Two prominent leaders called for New York's state government to take steps to prevent the state's cities, towns and villages from ending up in bankruptcy.

"Virtually all of the causes of Detroit's dire predicament — unaffordable pension and health care costs, an eroding tax base, and a declining financial commitment from the state — are prevalent here in New York," New York State Conference of Mayors and Municipal Officials Executive Director Peter Baynes said. "While our cities are not yet knocking on bankruptcy's door, there are some that are clearly heading down a path toward Detroit."

Baynes called for the state government to provide "additional financial assistance, meaningful mandate relief, and the accountability necessary to document the results of such investment." Without growth in state aid, "a growing overreliance on the regressive property tax will push our communities into the fiscal death spiral that is consuming Detroit."

Baynes also called for relief from state mandates, starting with pension reform and changes to the arbitration process.

Syracuse Mayor and state Democratic Party co-chair Stephanie Miner is also concerned about Detroit.

"Detroit's bankruptcy will impact all of us directly and indirectly," she wrote in an opinion piece in the Syracuse Post-Standard. "It is going to become more expensive for governments to do business as the bond market comes to terms with Detroit's fate."

Unlike Detroit, Syracuse has "refused to borrow our way into a delayed financial crisis," Miner wrote. The city government has taken tough steps towards fiscal stability. However, it still faces gaps.

"With the state's necessary help, we want to serve the people of Syracuse and New York State by creating an economic model that reflects our new reality," she wrote. "One that recognizes, for example, nonprofits needing expensive government services should pay for those services."

Most of Syracuse's largest employers are nonprofit institutions exempt from city property taxes. Syracuse University, Upstate Medical University and Hospital, the State University of New York College of Environmental Science and Forestry, and other higher learning institutions are among these institutions in the city of 145,000. The city has four major hospitals.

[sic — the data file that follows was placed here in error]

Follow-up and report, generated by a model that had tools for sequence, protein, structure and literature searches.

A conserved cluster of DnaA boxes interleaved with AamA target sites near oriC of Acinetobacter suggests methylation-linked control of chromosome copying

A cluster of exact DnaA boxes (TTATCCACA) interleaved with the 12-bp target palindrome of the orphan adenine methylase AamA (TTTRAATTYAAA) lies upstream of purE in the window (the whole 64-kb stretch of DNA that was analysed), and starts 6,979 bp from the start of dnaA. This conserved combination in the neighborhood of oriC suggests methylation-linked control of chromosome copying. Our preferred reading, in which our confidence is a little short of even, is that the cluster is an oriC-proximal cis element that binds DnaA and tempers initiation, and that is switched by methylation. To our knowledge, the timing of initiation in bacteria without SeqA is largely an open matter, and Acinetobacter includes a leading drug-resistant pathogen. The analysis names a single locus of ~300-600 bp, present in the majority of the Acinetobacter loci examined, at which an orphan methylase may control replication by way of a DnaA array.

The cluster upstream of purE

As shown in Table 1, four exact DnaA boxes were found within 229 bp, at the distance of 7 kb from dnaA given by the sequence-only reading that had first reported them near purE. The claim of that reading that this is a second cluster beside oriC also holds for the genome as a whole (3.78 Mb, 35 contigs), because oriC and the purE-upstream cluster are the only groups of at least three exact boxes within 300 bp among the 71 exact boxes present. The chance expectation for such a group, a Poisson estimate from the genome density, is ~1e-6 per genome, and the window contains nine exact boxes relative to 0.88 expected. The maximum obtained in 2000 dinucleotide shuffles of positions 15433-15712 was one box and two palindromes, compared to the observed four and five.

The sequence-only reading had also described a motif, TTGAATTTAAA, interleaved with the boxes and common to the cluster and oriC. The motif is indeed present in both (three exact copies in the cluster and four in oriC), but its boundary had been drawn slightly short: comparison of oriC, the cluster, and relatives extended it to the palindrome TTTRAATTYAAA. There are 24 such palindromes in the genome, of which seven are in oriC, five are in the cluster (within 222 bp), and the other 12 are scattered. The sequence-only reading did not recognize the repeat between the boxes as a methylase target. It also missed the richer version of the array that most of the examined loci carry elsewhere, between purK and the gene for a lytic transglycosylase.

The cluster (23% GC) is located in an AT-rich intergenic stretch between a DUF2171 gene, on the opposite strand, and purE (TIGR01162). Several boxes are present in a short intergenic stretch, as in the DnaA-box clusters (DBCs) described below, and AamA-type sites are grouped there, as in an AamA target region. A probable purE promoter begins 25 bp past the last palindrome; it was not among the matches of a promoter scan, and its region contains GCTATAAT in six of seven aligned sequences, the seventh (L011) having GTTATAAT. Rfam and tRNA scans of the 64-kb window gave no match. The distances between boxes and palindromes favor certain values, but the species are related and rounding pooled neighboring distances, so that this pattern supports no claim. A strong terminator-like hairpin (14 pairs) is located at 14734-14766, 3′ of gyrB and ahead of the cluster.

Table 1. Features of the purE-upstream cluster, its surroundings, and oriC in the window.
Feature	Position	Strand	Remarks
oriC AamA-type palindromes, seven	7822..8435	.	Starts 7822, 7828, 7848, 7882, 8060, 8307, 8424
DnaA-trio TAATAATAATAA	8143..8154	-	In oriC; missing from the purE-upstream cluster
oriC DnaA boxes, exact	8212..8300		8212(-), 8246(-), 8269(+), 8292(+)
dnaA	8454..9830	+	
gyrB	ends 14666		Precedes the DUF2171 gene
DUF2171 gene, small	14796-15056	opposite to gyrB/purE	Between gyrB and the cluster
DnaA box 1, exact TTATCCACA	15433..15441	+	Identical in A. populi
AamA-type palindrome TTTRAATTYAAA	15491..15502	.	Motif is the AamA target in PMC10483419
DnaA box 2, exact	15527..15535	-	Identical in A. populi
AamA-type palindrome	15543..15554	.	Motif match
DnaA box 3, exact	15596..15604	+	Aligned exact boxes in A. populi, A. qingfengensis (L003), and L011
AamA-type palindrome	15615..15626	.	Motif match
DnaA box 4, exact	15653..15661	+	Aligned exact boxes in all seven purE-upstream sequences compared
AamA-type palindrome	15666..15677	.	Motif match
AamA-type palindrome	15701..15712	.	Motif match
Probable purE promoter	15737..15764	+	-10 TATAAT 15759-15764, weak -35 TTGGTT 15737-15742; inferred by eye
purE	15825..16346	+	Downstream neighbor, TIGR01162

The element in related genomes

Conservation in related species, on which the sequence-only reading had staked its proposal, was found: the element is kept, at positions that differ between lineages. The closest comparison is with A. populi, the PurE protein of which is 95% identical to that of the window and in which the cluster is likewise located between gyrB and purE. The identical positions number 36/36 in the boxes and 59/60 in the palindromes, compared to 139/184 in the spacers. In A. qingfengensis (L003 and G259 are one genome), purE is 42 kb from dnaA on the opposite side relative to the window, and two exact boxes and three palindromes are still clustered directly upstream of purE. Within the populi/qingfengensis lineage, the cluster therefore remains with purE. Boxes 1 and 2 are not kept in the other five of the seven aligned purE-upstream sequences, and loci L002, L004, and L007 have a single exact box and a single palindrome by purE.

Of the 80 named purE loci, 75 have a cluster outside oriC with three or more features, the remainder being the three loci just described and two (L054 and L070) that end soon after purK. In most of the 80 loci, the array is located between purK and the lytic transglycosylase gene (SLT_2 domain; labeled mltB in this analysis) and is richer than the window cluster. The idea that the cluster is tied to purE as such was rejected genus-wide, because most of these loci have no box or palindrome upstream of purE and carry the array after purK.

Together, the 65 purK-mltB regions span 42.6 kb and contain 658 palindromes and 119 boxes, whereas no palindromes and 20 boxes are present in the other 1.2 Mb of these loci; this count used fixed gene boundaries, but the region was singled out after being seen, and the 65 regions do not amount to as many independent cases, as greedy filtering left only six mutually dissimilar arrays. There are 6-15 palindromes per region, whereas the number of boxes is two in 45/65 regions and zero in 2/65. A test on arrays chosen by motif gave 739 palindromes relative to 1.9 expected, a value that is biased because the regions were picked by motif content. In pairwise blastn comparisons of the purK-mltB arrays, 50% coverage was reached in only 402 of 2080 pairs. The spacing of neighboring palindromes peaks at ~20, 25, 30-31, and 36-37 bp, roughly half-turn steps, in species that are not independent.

As of 2012, 56% of the city's land was tax-exempt. In 2011 the city reached an agreement with Syracuse University for the school to contribute $500,000 a year to the city for five years. However, this pales compares to the $24 million a year that a for-profit entity with the university's property would have to pay the city.

Miner wrote that Syracuse government does not want a state handout.

"We ask, again, that New York takes a different path from the one chosen by the governor of Michigan," Miner wrote.

In response to Baynes' statement, Richard Azzopardi, spokesman for Gov. Andrew Cuomo, said the governor has long recognized the fiscal challenges local governments have faced and prioritized helping them deal with these challenges.

"Last year he delivered billions in pension savings through Tier VI reform and took over the growth in Medicaid spending," Azzopardi said. "This year he passed the most significant binding arbitration reforms in years. As the governor previously said, each local government faces unique challenges and there is no one-size-fits-all solution. That's why we created the Financial Restructuring Board to assist municipalities in making the tough, but responsible, decisions now, in order to avoid fiscal difficulties in the future."

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